IT doesn’t matter how many goals Erling Haaland scores this season, or how many records he erases from the history books.
In both of City’s Premier League summit meetings with Arsenal, it was their princely Belgian midfielder who conjured moments of brilliance to open the scoring.
And just when it appeared that Real Madrid might gain a stranglehold on this Champions League semi-final, it was De Bruyne who fizzed home an equaliser to tee up next Wednesday’s second leg perfectly.
This was a magnificent game of football – it swung one way then another, it throbbed with class, it simmered with spite and it left all of Europe gagging for more.
When City were dominant, Vinicius Jr rocketed the opening goal for Real.
And when Carlo Ancelotti’s side were ascendant, De Bruyne responded with a strike almost as stunning.
There will be no mightier test of City’s Treble credentials than these two matches against the 14-time champions of Europe.
This was half of what will almost certainly go down as another classic, breathless contest between Europe’s great established power and its most thrilling group of filthy-rich upstarts.
City might think they have the upper hand but Real have demolished Liverpool at Anfield and Chelsea at Stamford Bridge and they know no fear in these rarefied fixtures.
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Last season, Real seemed to win this corresponding fixture through willpower and their own overwhelming sense of inevitability.
Real always tend to grow at the sharp end of this competition, while City shrink.
There was, though, one significant addition to the cast compared to last year’s dizzying classic.
And Haaland seemed to have spooked the locals, who do not usually spend much time bigging up the opposition.
Marca, Real’s media mouthpiece, carried the front-page headline ‘A Monster Comes To Visit’ – as if the mighty Norseman had been created by Frankenstein rather than former Leeds midfielder Alfie.
And for half an hour, Real’s players did look intimidated.
City strutted around as if they owned the place, controlling the ball like possessive lovers.
Guardiola has avoided his trademark selection brainstorms this season – this was the logical team, Kyle Walker included at right-back to combat Vinicius.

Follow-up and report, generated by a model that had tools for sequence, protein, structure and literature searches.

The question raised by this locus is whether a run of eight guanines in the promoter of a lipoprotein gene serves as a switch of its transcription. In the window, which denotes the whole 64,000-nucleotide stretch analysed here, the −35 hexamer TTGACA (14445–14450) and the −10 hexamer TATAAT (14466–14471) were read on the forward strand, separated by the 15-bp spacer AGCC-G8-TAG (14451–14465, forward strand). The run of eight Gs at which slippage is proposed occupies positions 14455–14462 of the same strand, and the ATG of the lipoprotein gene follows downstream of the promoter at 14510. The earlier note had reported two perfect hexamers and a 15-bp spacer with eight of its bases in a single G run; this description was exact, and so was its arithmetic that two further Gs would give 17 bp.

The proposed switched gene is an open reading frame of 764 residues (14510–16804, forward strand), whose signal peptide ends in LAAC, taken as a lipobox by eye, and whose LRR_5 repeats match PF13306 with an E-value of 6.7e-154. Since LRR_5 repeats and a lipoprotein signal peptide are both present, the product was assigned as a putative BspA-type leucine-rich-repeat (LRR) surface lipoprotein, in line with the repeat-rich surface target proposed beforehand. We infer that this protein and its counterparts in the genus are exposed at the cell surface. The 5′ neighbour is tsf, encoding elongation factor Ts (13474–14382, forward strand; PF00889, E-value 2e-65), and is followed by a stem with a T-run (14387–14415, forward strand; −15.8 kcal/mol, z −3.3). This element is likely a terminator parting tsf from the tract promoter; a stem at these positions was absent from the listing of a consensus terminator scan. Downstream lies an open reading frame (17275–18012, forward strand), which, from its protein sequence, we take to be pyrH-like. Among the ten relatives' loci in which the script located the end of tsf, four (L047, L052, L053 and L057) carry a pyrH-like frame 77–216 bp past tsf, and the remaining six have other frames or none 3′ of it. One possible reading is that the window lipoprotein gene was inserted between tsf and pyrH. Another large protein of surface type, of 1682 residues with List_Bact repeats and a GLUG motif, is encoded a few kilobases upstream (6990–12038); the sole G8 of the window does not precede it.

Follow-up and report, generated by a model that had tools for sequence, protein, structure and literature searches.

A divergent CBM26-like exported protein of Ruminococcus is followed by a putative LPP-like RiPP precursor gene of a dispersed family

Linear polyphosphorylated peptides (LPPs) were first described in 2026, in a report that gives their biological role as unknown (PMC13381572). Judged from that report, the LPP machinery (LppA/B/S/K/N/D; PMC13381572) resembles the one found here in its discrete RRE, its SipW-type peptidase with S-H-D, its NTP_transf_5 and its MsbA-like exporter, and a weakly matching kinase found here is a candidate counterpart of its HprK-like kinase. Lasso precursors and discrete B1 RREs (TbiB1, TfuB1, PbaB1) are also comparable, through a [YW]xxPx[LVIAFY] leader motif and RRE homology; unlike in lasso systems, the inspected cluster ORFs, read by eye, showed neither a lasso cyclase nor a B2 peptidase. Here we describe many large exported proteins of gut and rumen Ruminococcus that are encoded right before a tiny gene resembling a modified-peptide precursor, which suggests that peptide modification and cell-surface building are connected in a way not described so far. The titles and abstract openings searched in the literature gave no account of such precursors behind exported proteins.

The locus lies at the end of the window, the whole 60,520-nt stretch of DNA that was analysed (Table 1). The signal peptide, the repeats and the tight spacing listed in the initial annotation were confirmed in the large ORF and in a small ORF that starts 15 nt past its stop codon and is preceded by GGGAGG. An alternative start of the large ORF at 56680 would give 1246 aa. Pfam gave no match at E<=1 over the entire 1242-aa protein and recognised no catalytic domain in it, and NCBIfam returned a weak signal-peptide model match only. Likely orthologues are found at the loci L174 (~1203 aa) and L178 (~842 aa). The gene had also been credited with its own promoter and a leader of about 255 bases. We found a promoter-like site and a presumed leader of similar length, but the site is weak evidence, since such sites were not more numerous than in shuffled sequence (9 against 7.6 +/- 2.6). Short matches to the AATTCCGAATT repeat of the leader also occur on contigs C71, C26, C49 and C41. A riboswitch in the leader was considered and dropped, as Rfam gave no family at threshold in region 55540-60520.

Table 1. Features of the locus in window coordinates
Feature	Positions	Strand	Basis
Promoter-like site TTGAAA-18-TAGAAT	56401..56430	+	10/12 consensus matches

The only thing he’d ‘overthought’ was his tailoring.
It was a very rare sighting of the City boss in a suit.
He looked like a nervous father of the bride or a man of previously impeccable character up before the beak.
John Stones, the strolling Barnsley Baresi, epitomised them, everywhere from centre-half to No10, with a footballing intelligence his countrymen were never supposed to possess until Pep Guardiola arrived.
Thibaut Courtois saved from De Bruyne, from Rodri and twice, comfortably, from Haaland.
Real seemed to forget who they were – Luka Modric hoofing long balls, Toni Kroos’s passing off-beam, Karim Benzema sending a simple ball into touch.
City had six efforts on goal before Madrid managed one.
But when Madrid managed one, they scored.
This is what they do.
They were two-down before they steamrollered Liverpool into the Anfield turf in February and two-down here going into injury-time against City last year.
The goal itself was stunning – concussive and brutal.
Deep in his own half Modric flicked a pass to left-back Eduardo Camavinga, all legs and lungs.
Forty yards later, he squared to Vinicius, who ghosted inside Ilkay Gundogan and detonated a shot from 22 yards out.
Ederson might have seen it coming before it exploded into the net but we can’t be sure.
We had heard little from the faithful but shrill whistling until then.
Suddenly every eardrum detected thunder.
Real then got nasty.
Carvajal shoved Jack Grealish into the advertising hoardings, then attempted some demonic play-acting.
Kroos kiboshed, as Toni Rudiger had already done, Gundogan and was booked.
Earlier in the second half, Real got the sword out and sliced through City, Carvajal’s back-heel feeding Benzema, whose rising shot was deflected wide.
Haaland had a proper sighter but Alaba got down and dirty in the last ditch and was roared as if he had scored.
Real had just been getting into boss mode – Modric spraying it around like a lawn sprinkler, Vinicius swivelling past Walker, Benzema harrying and bullying defenders – when City scored.
Rodri won possession, Grealish fed Gundogan, who laid it off to De Bruyne and the Belgian walloped it home, almost as viciously as Vinicius had done.
Up in the heavens, the Blue Moon brigade, with a dream in their hearts, went full-on lunar, threatening to tumble off the steep terracing.
The moral of this match seemed to be, ‘whatever you do, don’t get on top’.
City saw it out for a draw which will have meant more than any of their ten straight Premier League wins.
But this tie has only just begun. Cancel any other plans you might have for next Wednesday.
This is football at its peak.